The Land of the Painted Caves

THE LAND OF THE PAINTED CAVES [Earth’s Children Series], by Jean M. Auel. Crown, NY. March, 2011. 978-0-517-58051-6. $30.00. 768pp.

Apologies for having so long a period between reviews, but  I hope you understand that I’ve been immersed in Jean Auel’s latest, LAND OF THE PAINTED CAVES and there just wasn’t an Internet in the world of 35,000bce!

I admit to being an absolute sucker for the Ayla series; the volumes have each come out at a pivotal time in my life, and have each held deep significance for me. This is not to say the books don’t have their flaws; this one could have done with a trifle more editing (but do recall that I’m reviewing from an Advance Reader’s, Uncorrected Proof)– and for those familiar with the series much of the background recounted is unnecessary, but I am personally so delighted to see this newest one that these quibbles fade quickly away. [not to mention that to any hard-core Jean Auel fan, too much is never enough!]

Ayla and her mate Jondalar, with their child, Jonayla, are living at the Ninth Cave; Ayla is an  apprentice Zeladonia (Priestess) of  Doni, Great Mother of All, to Zelandoni The First,  High Priestess not only of the Ninth but of the entire network of caves of the Zelandonii peoples. I *love* Auel’s handling of The First and the deft way the author dismisses the “size-ism” of contemporary culture. The reader travels with Ayla and her family (including of course Racer, Whinney  and Gray, the horses, and Wolf, her domesticated wolf)  to the Summer Camp gathering. In Part Two, the journey is to another Summer Camp some four years later; Ayla continues her acolyte’s required Donier tour of the Sacred Painted Caves of their region. Auel’s depiction of the sacred Cave Art, and speculations about the pictures and symbols’  meanings by Ayla and other visitors, are not only adroitly done, but who knows? may even be close to the truth.  In Part Three, Ayla is completing her Zelandonia training, with the demanding Year of Counting Moons, during which she must sleep daytimes and spend the nights watching and recording the luminaries’ daily movements. Throughout the sections of the book, jealousies, frictions, and even hatreds towards Ayla and Jondalar emerge. Central as well to Part Three is the powerful psychoactive root given her by the Mog-ur, Shaman of the Clan, which The First, discovering Ayla still has some, is anxious to try.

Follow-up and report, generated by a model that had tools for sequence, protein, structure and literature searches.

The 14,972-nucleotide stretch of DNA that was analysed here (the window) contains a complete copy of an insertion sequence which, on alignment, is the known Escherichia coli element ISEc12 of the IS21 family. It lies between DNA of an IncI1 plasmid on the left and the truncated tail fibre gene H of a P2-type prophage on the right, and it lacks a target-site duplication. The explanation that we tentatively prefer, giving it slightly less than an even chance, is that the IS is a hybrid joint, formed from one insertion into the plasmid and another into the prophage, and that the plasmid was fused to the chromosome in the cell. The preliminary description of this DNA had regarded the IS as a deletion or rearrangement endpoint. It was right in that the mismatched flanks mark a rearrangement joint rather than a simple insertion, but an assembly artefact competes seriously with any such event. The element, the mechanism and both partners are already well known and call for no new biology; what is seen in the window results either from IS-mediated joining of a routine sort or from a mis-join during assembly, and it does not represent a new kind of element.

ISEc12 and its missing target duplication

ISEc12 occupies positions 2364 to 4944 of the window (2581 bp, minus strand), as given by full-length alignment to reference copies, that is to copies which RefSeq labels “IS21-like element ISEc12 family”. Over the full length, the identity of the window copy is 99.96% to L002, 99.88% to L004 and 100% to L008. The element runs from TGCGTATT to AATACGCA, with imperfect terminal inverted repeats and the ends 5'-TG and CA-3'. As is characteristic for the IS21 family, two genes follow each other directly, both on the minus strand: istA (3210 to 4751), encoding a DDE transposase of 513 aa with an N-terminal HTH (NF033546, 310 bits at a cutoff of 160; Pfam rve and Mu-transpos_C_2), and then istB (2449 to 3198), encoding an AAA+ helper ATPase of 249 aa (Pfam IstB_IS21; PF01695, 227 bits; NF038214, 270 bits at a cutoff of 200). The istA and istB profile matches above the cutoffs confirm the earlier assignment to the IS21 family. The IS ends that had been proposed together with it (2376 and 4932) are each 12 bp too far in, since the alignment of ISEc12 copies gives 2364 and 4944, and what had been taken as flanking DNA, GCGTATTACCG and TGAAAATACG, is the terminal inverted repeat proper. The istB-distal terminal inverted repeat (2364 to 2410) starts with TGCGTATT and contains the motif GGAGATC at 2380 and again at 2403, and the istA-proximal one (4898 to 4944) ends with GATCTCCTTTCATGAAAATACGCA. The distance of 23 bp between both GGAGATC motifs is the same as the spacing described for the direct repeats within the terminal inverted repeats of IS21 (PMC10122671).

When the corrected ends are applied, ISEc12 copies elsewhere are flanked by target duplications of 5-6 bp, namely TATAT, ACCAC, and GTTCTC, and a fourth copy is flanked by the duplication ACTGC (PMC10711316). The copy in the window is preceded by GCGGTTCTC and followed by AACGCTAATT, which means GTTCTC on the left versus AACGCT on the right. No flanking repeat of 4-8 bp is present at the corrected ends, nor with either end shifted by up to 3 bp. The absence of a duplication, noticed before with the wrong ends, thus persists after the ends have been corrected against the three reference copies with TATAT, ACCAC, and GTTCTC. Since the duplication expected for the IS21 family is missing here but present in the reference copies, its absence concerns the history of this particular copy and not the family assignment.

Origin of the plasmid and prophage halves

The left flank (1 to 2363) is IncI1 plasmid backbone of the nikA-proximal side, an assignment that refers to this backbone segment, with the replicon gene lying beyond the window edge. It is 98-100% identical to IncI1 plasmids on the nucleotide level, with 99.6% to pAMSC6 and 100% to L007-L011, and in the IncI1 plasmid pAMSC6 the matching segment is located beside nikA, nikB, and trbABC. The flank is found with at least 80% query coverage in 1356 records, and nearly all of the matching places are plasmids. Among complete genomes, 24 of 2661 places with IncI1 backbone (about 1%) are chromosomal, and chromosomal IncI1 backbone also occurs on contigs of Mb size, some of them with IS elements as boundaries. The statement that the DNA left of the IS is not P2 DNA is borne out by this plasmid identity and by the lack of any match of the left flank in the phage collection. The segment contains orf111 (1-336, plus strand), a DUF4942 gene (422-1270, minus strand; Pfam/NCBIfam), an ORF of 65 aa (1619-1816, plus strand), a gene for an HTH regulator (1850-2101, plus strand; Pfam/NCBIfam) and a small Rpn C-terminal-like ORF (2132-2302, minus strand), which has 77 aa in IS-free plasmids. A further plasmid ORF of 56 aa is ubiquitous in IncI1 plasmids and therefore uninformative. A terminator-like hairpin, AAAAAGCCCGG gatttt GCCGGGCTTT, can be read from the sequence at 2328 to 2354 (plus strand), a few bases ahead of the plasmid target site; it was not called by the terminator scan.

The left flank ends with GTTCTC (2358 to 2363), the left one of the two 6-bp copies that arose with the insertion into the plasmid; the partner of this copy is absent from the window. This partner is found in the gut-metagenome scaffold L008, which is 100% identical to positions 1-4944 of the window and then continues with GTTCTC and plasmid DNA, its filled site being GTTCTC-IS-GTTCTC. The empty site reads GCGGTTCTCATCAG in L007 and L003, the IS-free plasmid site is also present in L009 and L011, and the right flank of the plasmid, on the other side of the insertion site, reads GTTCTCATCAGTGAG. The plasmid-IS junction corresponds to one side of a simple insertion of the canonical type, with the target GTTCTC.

That the reader may have been lulled along, enchanted as ever by Auel’s recounting of the day-to-day relationships, not to mention survival techniques,  of these Neolithic peoples makes the climax of the book–Ayla’s Gift of the Great Mother, a final verse of the Mother’s Song–all the more unexpected. Without revealing too much, Ayla, ever the innovator*, has planted with her Gift the seed of tension between the peaceful, Mother-worshipping peoples of Matriarchy, and the regrettable introduction of what would become in later millennia Patriarchy. In spite of any flaws, this is a thoroughly satisfying read; now I will attempt patience until the next chapter in Ayla’s life unfolds.

*Faithful readers of the Clan of the Cave Bear series will recall Ayla’s inventive brilliance; my late first husband would exclaim that “in the next book, Ayla will invent movable type!” In this book, Ayla perfects the homely, but oh-so-important Diaper Bag!


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